Children picking potatoes on a large farm near Caribou, Maine.
Photo Credit : Library of Congress - Prints & Photographs Division - Farm Security Administration/Office of War Information Black-and-White Negatives
Excerpt from “The Lessons of the Harvest,” Yankee Magazine, September 1990.
In Maine’s Aroostook County, schools close for “potato recess” — also known as harvest break — as students help out with the potato harvest.
“Oh boy, no school for three weeks — maybe four if we get rain!” The Smith boys get up by 5:00 A.M. and eat a breakfast of fruit, hot cereal, hot biscuits, and bacon and eggs. They dress in layers of long underwear, shirts, sweaters, and padded pants so they can shed garments as the day gets warmer. Dinner kettles filled with everything a sleepy mother can find, they ride to the field at just daybreak, with the land fog so thick that the bright colors of the nearby woods are muted. The air smells of potato rust, burned tops, and damp earth.
The young pickers find their baskets, set their barrels at regular intervals, and groan as the digger man uncovers the potatoes muddy from last night’s rain. Their brown cotton work gloves will be wet and cold in a few minutes, their sneakers will be soggy, and their baskets will be heavy with mud. They pick standing up as long as backs and legs will hold out; then they get down on knees, still tender from yesterday’s rock bruises. Just when they are eight rows behind and despair of ever making it through the day, the sun comes out and the digger breaks down. While the farmer drives to town for parts, pickers race their friends to see who will get a section picked up first. The farmer’s wife drives up with hot sugared donuts and pots of cocoa.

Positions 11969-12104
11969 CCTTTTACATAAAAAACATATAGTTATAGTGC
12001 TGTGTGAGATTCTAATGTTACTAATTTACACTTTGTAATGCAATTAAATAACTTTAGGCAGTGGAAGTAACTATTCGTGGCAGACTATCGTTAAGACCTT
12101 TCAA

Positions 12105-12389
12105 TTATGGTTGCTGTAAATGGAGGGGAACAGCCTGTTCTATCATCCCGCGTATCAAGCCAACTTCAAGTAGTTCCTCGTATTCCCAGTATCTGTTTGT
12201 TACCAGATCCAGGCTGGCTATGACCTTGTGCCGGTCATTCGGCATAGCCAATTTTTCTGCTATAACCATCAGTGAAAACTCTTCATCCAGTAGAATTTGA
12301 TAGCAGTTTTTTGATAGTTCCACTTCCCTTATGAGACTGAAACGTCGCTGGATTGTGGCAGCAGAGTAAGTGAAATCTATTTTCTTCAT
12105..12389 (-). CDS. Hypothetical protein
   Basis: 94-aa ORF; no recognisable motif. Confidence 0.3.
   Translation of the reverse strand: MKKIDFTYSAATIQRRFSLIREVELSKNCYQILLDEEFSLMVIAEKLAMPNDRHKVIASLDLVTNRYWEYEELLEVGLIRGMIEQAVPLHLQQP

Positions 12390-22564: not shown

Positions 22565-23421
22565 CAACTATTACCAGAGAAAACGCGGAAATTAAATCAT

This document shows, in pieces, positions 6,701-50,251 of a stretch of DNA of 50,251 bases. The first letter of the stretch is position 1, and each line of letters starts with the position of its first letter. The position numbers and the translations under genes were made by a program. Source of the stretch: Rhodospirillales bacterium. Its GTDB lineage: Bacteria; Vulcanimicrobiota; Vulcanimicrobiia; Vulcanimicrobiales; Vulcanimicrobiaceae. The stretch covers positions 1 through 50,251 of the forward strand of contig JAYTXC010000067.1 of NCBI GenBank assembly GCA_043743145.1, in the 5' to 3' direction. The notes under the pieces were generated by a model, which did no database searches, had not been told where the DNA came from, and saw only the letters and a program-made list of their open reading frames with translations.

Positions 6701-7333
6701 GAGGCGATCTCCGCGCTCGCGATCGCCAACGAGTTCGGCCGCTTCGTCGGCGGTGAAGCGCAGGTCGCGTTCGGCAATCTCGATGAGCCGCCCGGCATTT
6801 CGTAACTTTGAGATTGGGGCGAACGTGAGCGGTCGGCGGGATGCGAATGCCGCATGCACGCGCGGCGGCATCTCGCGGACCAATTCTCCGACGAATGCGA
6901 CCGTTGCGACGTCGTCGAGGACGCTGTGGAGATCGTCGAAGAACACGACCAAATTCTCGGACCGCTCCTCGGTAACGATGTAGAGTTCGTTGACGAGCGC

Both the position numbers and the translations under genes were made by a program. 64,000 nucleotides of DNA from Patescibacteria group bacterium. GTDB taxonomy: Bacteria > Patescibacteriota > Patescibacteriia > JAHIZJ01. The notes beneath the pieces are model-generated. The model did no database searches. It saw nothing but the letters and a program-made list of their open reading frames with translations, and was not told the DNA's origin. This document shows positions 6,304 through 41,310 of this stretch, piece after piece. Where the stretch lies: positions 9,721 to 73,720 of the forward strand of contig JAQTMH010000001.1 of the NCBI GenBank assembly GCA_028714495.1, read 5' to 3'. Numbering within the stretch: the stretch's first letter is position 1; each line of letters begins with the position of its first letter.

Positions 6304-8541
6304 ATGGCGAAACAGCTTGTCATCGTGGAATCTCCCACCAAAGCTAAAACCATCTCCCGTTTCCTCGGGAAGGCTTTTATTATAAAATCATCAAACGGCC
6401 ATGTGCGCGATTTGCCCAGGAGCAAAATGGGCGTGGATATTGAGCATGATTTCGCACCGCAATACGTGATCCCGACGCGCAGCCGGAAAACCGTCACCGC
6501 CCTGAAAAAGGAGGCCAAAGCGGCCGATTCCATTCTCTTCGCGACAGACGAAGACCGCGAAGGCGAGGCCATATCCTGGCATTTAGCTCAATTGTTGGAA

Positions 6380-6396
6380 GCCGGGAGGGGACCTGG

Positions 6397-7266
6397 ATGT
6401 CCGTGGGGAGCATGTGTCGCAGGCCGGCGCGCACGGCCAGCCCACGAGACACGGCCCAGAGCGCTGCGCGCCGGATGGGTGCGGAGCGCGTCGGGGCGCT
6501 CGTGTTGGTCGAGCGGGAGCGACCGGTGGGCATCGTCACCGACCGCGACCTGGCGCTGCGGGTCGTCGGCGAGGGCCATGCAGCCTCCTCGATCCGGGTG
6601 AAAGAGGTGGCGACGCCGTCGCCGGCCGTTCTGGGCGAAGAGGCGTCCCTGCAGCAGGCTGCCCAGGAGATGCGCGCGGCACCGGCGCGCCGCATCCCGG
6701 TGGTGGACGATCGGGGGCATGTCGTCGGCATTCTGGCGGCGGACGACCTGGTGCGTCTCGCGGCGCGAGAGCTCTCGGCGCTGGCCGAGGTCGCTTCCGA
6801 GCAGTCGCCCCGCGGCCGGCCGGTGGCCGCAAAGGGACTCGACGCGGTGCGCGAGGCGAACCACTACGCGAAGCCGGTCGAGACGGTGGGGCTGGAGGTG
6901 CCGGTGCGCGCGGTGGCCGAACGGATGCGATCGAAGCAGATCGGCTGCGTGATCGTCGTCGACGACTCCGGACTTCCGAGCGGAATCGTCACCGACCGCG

In late afternoon they are tired of tasting gritty potato dust and wiping it from their eyes and so lame and sore that they want to leave, but can’t because their friends would call them quitters. At last the digger man stops and they go home to supper. They eat so much steak that mothers wonder if the contents of the big freezer will last the winter. They play basketball in the barn for an hour after their chores are done, but they are in bed by 8:30.
The next morning dawns so frosty that digging can’t start until the sun has warmed the ground. The pickers gather dry tops and broken barrels and build a fire for keeping warm — and for roasting potatoes. They are always hungry in the field.
The Smith boys are a part of a big fraternity of Aroostook students who still exchange stories of potato picking, who understand and respect their potato farm heritage. Despite the bruised knees and chilly mornings, harvest recess has always taught kids a sense of identity and pride in “The County.” Should this tradition ever end, I can think of nothing to replace it.